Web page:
Pete Kotowski, lead investigator for the National Transportation Safety Board, said that the company passed its most recent federal review in August 2007. Six months earlier, a review showed the company had insufficient drug and alcohol testing and policies for drivers.

The company, which owns two buses and employs four drivers, is listed as “satisfactory” by the Federal Motor Carrier Safety Administration.

The company did not immediately return calls or respond to an e-mail seeking comment.

The 30-seat bus involved in the crash was smaller than a typical tour bus — similar in size to an airport car-rental shuttle — and did not have seat belts, Kotowski said. It was federally certified for travel on all U.S. highways, he said.

The accident occurred as the bus was returning to Las Vegas after a trip to the Grand Canyon.

The bus drifted onto the highway’s shoulder and the driver overcorrected, sending it across two traffic lanes and into a gravel median, Kotowski said. It rolled over at least once before resting on its side. Most passengers were thrown out of the vehicle’s windows.

Kotowski did not say how fast the bus was traveling. The speed limit on the straight stretch of road is 65 mph.

Tourists on the bus were Chinese nationals who had flown from Shanghai to San Francisco and had most recently been in Las Vegas, the Arizona Department of Public Safety has said.


Associated Press Staff writers Felicia Fonseca in Flagstaff, Ariz., and Ken Ritter in Las Vegas contributed to this report.

Copyright 2009 The Associated Press.

Investigators comb tour bus crash site for clues


Posted on 2nd February 2009 by gjohnson in Uncategorized

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Date: 2/1/2009

Associated Press Writers

DOLAN SPRINGS, Ariz. (AP) — Federal investigators on Sunday closely examined a stretch of rural Arizona highway near Hoover Dam looking for clues to the cause of a tour bus crash that killed seven Chinese tourists.

The six investigative team members would be measuring and photographing the site, evaluating the condition of the highway, and looking for skid marks and other clues, National Transportation Safety Board spokesman Peter Knudson said.

“These markings can be very important in telling the story of what happened,” Knudson said.

The bus crashed Friday on a straight stretch of U.S. 93, about 70 miles southeast of Las Vegas.

The tourists had left Las Vegas early Friday on a trip to the Grand Canyon, and were returning when the bus veered right and then left across the median, rolling at least once before resting across the southbound lanes of the highway.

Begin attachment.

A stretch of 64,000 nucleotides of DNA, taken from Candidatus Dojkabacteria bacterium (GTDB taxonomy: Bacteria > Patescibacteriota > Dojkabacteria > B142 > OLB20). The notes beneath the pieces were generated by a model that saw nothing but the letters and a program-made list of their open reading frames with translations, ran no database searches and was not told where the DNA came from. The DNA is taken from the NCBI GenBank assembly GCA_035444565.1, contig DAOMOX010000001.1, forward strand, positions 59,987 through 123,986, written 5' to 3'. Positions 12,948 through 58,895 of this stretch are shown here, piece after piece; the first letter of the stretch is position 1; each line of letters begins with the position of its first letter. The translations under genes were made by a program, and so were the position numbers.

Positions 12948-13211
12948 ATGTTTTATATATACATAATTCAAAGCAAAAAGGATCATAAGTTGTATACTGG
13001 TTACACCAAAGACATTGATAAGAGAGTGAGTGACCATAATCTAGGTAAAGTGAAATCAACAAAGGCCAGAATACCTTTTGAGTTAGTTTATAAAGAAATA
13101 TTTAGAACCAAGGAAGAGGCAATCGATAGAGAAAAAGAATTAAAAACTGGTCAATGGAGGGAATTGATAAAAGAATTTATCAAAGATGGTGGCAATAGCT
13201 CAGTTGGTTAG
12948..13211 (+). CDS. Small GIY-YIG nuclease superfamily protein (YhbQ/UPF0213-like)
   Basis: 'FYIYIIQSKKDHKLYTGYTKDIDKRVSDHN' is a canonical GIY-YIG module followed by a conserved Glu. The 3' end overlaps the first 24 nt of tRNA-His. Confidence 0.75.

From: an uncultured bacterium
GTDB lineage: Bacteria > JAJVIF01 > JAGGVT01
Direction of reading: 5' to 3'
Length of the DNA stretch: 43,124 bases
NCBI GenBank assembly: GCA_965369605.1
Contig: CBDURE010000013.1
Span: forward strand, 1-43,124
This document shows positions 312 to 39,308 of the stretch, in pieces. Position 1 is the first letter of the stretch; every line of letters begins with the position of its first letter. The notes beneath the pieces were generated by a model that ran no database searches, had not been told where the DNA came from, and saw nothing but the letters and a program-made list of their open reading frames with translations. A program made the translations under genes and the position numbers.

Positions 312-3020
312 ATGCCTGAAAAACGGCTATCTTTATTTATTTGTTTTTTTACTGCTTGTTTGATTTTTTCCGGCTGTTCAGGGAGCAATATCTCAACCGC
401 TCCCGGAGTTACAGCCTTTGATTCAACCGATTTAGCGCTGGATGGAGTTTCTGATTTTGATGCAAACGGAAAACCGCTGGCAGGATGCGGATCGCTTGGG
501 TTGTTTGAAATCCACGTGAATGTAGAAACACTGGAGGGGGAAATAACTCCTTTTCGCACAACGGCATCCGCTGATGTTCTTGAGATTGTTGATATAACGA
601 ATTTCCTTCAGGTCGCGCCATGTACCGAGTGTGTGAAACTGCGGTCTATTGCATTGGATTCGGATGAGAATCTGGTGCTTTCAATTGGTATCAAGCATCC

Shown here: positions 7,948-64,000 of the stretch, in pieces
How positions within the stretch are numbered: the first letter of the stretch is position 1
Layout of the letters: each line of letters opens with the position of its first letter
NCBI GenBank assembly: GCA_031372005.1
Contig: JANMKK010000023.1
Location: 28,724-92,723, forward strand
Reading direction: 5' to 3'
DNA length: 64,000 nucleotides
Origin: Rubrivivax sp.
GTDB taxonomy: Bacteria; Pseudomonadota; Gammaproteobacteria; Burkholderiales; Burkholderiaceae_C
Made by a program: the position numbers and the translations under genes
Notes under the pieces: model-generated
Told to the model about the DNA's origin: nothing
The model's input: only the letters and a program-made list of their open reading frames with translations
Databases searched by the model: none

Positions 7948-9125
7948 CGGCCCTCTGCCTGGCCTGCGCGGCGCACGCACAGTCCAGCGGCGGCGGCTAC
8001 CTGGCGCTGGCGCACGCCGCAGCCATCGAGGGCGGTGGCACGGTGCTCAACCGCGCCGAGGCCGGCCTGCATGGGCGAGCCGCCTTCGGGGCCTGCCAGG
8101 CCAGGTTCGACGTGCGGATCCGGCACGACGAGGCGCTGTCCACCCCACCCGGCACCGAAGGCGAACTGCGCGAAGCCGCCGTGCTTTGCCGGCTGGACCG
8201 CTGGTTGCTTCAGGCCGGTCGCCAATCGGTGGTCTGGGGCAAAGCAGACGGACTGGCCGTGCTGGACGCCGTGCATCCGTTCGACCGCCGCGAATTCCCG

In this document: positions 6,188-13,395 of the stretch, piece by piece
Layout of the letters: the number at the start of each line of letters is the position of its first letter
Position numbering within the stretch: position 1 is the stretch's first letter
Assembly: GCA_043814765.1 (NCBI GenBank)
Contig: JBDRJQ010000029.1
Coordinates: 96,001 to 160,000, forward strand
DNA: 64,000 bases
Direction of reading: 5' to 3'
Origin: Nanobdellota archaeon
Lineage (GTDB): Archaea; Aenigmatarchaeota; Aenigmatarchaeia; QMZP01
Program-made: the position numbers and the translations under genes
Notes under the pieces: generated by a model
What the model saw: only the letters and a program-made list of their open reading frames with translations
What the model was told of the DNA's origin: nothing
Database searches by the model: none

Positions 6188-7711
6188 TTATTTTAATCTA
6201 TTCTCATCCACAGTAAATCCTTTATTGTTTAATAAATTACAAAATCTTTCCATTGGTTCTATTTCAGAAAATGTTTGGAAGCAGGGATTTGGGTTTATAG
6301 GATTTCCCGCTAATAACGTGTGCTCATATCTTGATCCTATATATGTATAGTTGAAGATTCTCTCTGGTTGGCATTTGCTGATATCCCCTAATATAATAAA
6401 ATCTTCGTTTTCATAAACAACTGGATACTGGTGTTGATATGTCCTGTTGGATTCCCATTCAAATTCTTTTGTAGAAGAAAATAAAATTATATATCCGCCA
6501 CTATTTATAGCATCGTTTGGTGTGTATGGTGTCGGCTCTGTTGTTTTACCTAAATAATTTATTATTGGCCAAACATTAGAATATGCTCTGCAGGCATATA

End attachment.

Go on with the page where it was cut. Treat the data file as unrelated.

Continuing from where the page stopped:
Along with the seven people killed, 10 others were injured.

After inspecting the crash site, the investigators planned to head south to Kingman to evaluate the bus. That will include checking whether the wheels and brakes were in good working order and whether any mechanical malfunctions may have caused the accident, Knudson said.

He said the investigators also plan to interview the 48-year-old bus driver, who was in fair condition at a Las Vegas hospital, and the surviving passengers.

“The more people we talk with, the more information we’ll be able to get,” he said.

The investigation will take 12 to 18 months to complete, with the bulk of the work being conducted at the NTSB’s headquarters in Washington, Knudson said.

Representatives of the Arizona Department of Public Safety said they likely will have some preliminary results this week.

“Was it mechanical failure? Was it driver error?” DPS spokesman Lt. James Warriner said. “All that will come with looking at the vehicle and conducting interviews.”

Warriner said of the weather at the time of the wreck that it was a “nice, clear day.”

The DPS said the bus belonged to D.W. Tours of San Gabriel, Calif., which didn’t respond to an e-mail from The Associated Press seeking comment.

Five people remained hospitalized Sunday at University Medical Center in Las Vegas. Two were in critical condition.

Hospital spokesman Rick Plummer said the victims’ injuries ranged from spinal and head injuries to bone fractures. “It ran the whole gamut of injuries,” he said.

Volunteers from the Chinese community in Las Vegas crowded the hospital’s trauma unit Saturday, hoping to help with translation and taking food to the families of the injured.

Huang Xiaojian from the Chinese consulate in Los Angeles also was at the hospital but said she would not discuss details. “I am here to visit the patients,” she said.

Two others — an 18-year-old woman and a 57-year-old man in fair condition Sunday — were at Sunrise Hospital in Las Vegas, according to hospital spokeswoman Ashlee Seymour. Another was still being treated at Kingman Regional Medical Center, hospital spokesman Ryan Kennedy said.


Associated Press Writer Kathleen Hennessey contributed to this report.

Copyright 2009 The Associated Press.